How Modern IT Departments Advance an Institution's Mission and Goals

In Brief

4-Minute Read

Huron partnered with the newly appointed CIO at the University of Central Oklahoma to reimagine IT and align the IT organizational structure with the institution's strategic goals.

IT's Evolving Role in Higher Education

The role of an information technology (IT) department in higher education has shifted in recent years. What once was a department solely focused on tactical IT initiatives is now a strategic one that impacts and enables institution-wide transformation.

As technology evolves, chief information officers (CIOs) must keep pace with change by leading projects that address broad business strategies — shifting from a near-term focus on technical support to a long-term vision of a unified architecture. This shift in focus better positions IT leaders to directly support an institution’s objectives and strategic goals.

Huron’s engagement has provided an actionable framework which will not only help the IT department function more efficiently and strategically, but also ultimately function in support of our institution’s mission to help students learn by providing transformative education experiences.” — Sonya Watkins, Chief Information Officer, University of Central Oklahoma

Recognizing the critical role that the IT organization would play in shaping future successes at the University of Central Oklahoma (UCO), newly appointed CIO, Sonya Watkins, leveraged the opportunity to align the IT organizational structure with the institution’s strategic goals.

Assessing, Aligning and Advancing the Mission

UCO’s leadership partnered with Huron to assess its IT operations and review the IT organizational structure. To gain a better understanding of the department’s current state, Huron conducted interviews with UCO’s senior leadership, academic and administrative management, IT executive leadership and staff across the institution. Huron also conducted focus groups and facilitated skills and activities surveys with the institution’s distributed and central IT professionals. Finally, Huron completed an extensive data analysis, reviewing existing documentation that provided further context regarding the current state of the UCO IT environment. The information gathered in this initiative enabled Huron to benchmark UCO against peer institutions and industry best practices in terms of IT spend, staffing levels and service delivery efficiencies.

The assessment also provided a better understanding of the current organizational structure and staffing mix. Specifically, Huron evaluated the IT department’s organizational structure for:

  • Capacity needs: Are staff levels in line with IT's needs and priorities?
  • Capability gaps: Do staff have the right capabilities and skills to address business initiatives?
  • Focus areas: Are teams structured in the most efficient way to focus on key areas?

Using the findings from the assessment, Huron provided actionable recommendations across the people, process and technology dimensions and formalized guidance on how to structure the future IT team. The recommendations also included a roadmap sequencing how the initiatives should be implemented to stabilize, evolve and elevate the IT organization to new levels of performance. Huron collaborated closely with the CIO and her leadership team to ensure that the recommendations and roadmap were practical and appropriate for UCO’s unique environment. Key points within the recommendations included:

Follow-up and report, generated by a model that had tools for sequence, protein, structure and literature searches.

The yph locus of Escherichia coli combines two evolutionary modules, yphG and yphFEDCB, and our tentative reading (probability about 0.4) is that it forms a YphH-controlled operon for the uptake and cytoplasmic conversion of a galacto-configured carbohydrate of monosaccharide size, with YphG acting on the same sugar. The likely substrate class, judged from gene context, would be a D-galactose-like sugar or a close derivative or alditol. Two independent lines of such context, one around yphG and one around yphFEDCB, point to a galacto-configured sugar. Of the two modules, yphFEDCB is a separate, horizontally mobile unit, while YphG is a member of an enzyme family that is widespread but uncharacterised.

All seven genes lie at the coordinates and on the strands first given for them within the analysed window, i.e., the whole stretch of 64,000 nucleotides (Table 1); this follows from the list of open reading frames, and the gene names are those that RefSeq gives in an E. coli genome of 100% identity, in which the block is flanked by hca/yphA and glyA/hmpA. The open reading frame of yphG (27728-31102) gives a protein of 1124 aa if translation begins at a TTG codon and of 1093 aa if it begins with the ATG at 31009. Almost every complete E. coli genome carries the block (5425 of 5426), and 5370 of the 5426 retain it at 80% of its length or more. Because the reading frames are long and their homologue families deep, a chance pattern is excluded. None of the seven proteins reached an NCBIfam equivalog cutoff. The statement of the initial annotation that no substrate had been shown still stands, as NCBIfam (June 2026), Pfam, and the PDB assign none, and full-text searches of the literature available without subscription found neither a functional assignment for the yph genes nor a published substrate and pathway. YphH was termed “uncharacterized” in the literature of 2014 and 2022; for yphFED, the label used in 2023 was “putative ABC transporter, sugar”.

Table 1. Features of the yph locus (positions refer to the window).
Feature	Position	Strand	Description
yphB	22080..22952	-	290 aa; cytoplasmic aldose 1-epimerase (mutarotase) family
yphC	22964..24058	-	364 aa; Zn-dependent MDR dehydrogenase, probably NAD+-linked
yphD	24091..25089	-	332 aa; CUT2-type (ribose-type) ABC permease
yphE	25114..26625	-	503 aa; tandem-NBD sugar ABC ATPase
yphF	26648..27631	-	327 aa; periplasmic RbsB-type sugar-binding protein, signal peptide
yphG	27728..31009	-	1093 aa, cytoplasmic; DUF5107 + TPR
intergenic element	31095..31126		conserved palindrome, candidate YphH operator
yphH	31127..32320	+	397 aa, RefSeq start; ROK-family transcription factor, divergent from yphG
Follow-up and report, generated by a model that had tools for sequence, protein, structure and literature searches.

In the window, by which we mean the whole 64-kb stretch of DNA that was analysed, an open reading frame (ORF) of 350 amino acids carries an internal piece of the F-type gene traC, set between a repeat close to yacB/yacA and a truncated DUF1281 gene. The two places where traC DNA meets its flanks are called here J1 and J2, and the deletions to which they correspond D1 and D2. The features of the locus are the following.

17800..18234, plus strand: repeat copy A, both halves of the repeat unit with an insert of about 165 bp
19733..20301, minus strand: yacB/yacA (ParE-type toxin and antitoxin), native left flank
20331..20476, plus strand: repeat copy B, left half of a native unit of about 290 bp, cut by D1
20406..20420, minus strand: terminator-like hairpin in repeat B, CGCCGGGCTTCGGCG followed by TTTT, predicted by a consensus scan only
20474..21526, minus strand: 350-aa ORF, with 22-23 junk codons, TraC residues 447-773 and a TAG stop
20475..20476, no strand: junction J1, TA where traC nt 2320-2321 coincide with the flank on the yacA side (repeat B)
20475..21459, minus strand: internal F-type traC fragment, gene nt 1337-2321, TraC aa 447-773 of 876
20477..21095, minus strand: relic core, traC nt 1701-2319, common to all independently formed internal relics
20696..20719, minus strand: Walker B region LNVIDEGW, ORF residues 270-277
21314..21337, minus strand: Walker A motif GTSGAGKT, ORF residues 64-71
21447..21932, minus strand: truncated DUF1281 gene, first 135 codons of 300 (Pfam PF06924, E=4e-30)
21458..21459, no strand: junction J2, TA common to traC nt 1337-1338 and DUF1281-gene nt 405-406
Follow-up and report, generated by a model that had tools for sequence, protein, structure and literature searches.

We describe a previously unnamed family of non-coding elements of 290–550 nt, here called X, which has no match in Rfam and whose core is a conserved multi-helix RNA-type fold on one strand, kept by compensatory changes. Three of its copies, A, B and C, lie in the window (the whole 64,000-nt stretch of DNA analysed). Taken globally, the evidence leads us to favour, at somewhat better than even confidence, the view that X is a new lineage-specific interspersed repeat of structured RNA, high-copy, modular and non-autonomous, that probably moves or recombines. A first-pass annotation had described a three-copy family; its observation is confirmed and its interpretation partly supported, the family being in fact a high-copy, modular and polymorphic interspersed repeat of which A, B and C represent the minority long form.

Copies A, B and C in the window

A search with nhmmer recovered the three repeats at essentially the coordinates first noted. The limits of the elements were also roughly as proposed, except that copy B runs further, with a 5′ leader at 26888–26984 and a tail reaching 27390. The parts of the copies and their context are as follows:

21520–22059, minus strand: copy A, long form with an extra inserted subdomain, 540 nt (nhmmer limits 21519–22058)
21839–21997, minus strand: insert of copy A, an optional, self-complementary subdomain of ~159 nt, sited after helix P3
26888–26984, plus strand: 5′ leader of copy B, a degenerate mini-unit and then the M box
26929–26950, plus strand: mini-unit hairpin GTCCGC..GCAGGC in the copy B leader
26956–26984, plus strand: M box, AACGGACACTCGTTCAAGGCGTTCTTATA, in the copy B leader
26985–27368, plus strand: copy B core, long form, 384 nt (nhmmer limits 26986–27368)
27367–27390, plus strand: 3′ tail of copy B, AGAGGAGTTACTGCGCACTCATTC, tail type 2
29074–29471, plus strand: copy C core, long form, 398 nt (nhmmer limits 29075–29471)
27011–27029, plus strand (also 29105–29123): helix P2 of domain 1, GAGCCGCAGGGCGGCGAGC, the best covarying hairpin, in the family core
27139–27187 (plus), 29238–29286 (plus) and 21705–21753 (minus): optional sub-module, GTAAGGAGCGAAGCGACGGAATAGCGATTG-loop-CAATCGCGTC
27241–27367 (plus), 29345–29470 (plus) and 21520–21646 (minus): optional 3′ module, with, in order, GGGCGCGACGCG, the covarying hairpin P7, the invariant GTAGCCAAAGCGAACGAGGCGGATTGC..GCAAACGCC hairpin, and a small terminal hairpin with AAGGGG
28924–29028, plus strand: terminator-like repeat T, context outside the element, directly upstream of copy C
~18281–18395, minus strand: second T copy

• Strategic plan development and alignment: Aligning IT's strategy with the institution's mission.
  • Staff sourcing and training: Attracting and retaining top IT talent in a local competitive market.
  • Organizational restructure and realignment: Ensuring the right resources are focused in the right areas.

The partnership approach between Huron and UCO’s institutional and IT leadership was particularly critical given the need for IT to continue in its strategic role at the institution. Huron’s strategic plan, professional development and organizational structure recommendations were appropriately tailored to enable IT to realistically deliver on its goal of effectively enabling UCO’s institutional level objectives.

Strategically Using Resources to Support Student Needs

The way an IT department is structured dictates how it will operate. The assessment and review empowered UCO to reorient and align their IT operations with the institution’s strategy. Developing an efficient IT service delivery model not only affects long-term success, but also day-to-day performance — help desk requests can be addressed faster, faculty are able to source technology resources more easily and IT staff have a better understanding of their focus areas. Overall, outcomes of the realignment strategy will increase productivity, focus funds on priority areas and improve the efficiency of IT operations.

As funding for higher education is likely to become more scarce, it is increasingly important for UCO to have an optimal organizational structure in place to make sound resource allocations. Having a well-aligned strategic plan and an appropriate staffing and capabilities mix enables the IT department to:

  • Prioritize campus needs better
  • Be more efficient on administrative spend
  • Support and modernize the student and faculty experience
  • Improve decision making with business intelligence capabilities

UCO now has a solid framework in place for aligning the university’s resources to meet the diverse and ever-evolving needs of its students, faculty and staff.

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